We finally got to see the rheumatologist, who said it’s not RA (I never thought it was) and not SLE (not sure how that was ruled out).  Despite what one hears about doctors never talking to one another, the rheumatologist left the exam room and phoned our family physician to discuss my daughter.  Together they decided what to do next.

After stopping at the lab for a blood draw, and radiology for x-rays, we dropped by our FP’s office to pick up the written referral to a pediatric orthopedist.

My daughter is livid.  Every doctor’s appointment leads to extra tests and another doctor’s appointment.  Just like a snowball rolling downhill, it keeps getting bigger and bigger, with more appointments and more tests.

She’d be happy to never see another doctor again, but I’ll be dragging her to yet another appointment, where (she is convinced) they’ll order even more tests that won’t help her.

I’m concerned that there’s a physical problem, but at this point I’m even more concerned about her hopelessness.

And on that cheery note, I bid you a good weekend.

13 thoughts on “Snowball Appointments

  1. Gentle hugs and good thoughts.
    I hope the news, when all is said and done, isn’t horrible.
    I can completely understand though. Amandya, since she started having seizures in January) has decided that she is completely DONE with doctors. Between PCP, Neruo, blood work, having been in Dell Children’s Hospital, and more recently the psychologist… she won’t even tell me when she gets sick for fear I will take her to the doctor. I’m scared to death she is going to get something like the swine flu she had last year and she will wait entirely too long to tell me about it because she doesn’t want to go to the doctor over it.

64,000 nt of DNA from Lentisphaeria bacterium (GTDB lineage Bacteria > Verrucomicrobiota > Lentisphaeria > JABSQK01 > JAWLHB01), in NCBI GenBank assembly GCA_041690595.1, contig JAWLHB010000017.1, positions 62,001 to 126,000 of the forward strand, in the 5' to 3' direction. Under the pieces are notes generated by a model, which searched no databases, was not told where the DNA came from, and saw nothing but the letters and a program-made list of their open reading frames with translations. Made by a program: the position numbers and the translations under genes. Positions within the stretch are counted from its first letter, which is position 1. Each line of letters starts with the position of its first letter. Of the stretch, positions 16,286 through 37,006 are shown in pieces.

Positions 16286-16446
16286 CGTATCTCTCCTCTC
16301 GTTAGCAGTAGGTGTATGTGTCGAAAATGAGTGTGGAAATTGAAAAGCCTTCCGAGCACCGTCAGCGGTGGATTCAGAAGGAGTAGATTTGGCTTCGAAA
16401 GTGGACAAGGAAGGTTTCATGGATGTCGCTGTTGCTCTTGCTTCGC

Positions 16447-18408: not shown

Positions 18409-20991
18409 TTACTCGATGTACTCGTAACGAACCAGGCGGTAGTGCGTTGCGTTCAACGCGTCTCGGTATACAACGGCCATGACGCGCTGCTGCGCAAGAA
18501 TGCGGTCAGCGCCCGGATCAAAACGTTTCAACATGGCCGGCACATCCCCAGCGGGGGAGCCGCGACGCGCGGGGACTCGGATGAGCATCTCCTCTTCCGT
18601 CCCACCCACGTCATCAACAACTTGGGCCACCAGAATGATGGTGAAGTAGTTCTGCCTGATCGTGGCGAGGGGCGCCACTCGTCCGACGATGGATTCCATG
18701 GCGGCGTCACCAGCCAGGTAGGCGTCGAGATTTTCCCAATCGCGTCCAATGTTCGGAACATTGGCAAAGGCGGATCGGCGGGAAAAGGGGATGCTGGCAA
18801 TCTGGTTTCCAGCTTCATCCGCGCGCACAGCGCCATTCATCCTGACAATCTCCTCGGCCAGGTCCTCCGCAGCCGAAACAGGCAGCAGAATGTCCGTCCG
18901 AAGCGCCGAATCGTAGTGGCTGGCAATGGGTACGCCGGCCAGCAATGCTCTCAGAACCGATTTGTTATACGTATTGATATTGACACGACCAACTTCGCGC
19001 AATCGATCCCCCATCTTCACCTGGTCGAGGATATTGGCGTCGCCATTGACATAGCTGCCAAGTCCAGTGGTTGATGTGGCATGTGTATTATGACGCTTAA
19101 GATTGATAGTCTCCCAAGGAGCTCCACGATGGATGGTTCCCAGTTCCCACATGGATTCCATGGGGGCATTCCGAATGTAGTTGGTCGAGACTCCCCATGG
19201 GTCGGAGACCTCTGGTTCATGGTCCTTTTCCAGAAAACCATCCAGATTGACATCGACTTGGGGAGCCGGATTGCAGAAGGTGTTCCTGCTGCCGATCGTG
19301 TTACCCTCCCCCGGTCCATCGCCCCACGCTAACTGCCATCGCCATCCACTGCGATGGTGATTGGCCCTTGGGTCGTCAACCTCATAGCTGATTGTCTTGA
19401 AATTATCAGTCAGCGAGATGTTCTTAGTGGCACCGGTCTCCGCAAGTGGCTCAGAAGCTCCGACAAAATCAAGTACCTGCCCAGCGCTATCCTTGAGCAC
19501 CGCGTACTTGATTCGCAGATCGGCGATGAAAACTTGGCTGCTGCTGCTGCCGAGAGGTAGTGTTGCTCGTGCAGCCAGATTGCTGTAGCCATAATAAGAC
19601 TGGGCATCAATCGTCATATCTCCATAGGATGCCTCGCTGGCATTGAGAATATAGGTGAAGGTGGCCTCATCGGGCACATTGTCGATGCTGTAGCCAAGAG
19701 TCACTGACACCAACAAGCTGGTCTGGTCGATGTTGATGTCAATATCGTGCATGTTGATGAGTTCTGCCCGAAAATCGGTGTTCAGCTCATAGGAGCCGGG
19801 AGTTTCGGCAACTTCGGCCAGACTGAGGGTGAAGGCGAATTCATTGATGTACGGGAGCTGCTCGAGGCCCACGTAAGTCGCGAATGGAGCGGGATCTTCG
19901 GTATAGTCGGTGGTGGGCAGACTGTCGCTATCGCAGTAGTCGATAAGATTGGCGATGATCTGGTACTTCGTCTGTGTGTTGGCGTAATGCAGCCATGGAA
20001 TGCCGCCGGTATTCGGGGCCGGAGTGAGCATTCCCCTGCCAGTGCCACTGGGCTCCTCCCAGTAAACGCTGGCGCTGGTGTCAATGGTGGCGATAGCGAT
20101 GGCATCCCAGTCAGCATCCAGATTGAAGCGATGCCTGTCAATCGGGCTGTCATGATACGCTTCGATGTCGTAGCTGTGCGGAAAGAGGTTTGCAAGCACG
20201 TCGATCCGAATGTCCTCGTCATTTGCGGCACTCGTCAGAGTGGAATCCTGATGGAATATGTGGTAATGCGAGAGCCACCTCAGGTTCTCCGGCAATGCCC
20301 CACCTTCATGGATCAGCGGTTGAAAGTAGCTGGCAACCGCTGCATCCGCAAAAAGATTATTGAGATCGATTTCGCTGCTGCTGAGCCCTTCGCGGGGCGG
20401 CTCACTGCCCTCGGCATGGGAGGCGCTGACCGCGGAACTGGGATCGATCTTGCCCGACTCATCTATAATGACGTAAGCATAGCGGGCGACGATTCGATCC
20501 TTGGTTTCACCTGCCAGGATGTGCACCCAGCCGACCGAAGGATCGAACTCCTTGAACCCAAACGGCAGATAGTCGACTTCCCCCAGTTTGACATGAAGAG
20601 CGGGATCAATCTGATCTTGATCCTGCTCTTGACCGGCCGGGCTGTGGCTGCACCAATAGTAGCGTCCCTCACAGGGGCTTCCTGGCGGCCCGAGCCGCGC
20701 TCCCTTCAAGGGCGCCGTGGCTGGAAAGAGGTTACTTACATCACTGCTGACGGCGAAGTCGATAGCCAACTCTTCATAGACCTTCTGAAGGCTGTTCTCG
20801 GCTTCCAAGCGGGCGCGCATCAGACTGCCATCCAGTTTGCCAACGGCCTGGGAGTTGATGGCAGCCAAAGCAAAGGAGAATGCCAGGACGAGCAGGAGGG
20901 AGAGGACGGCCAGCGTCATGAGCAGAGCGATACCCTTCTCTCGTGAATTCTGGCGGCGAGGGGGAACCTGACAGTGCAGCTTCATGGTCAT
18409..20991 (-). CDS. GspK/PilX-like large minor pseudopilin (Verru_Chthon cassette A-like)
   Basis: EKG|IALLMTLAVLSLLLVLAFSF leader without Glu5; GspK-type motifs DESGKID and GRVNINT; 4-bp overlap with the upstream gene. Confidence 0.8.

2. Sooo frustrating!! I feel your daughters anguish and frustration seeing doctor after doctor reminds me of myself. Way to be a good mama and not give up!!

    Thanks again for your blog… I’ve been following it regularly even though I don’t always post.

  3. WS, Thanks for sharing matters of your heart with your readers (cyberfriends?).
    The love in your heart, as you know, is one of the primary therapies of choice for your daughter.
    You’ve done well to connect her to a physician (or two) with whom you have a trusting relationship to help coordinate the next steps. Your knowledge of the healthcare system from your readings and writings will enhance your excursion through the system and this situation. Now the physicians can have all the negative thoughts and you don’t have to, allowing your daughter to get more of you. Best wishes for a rapid clarification and resolution for you and your daughter.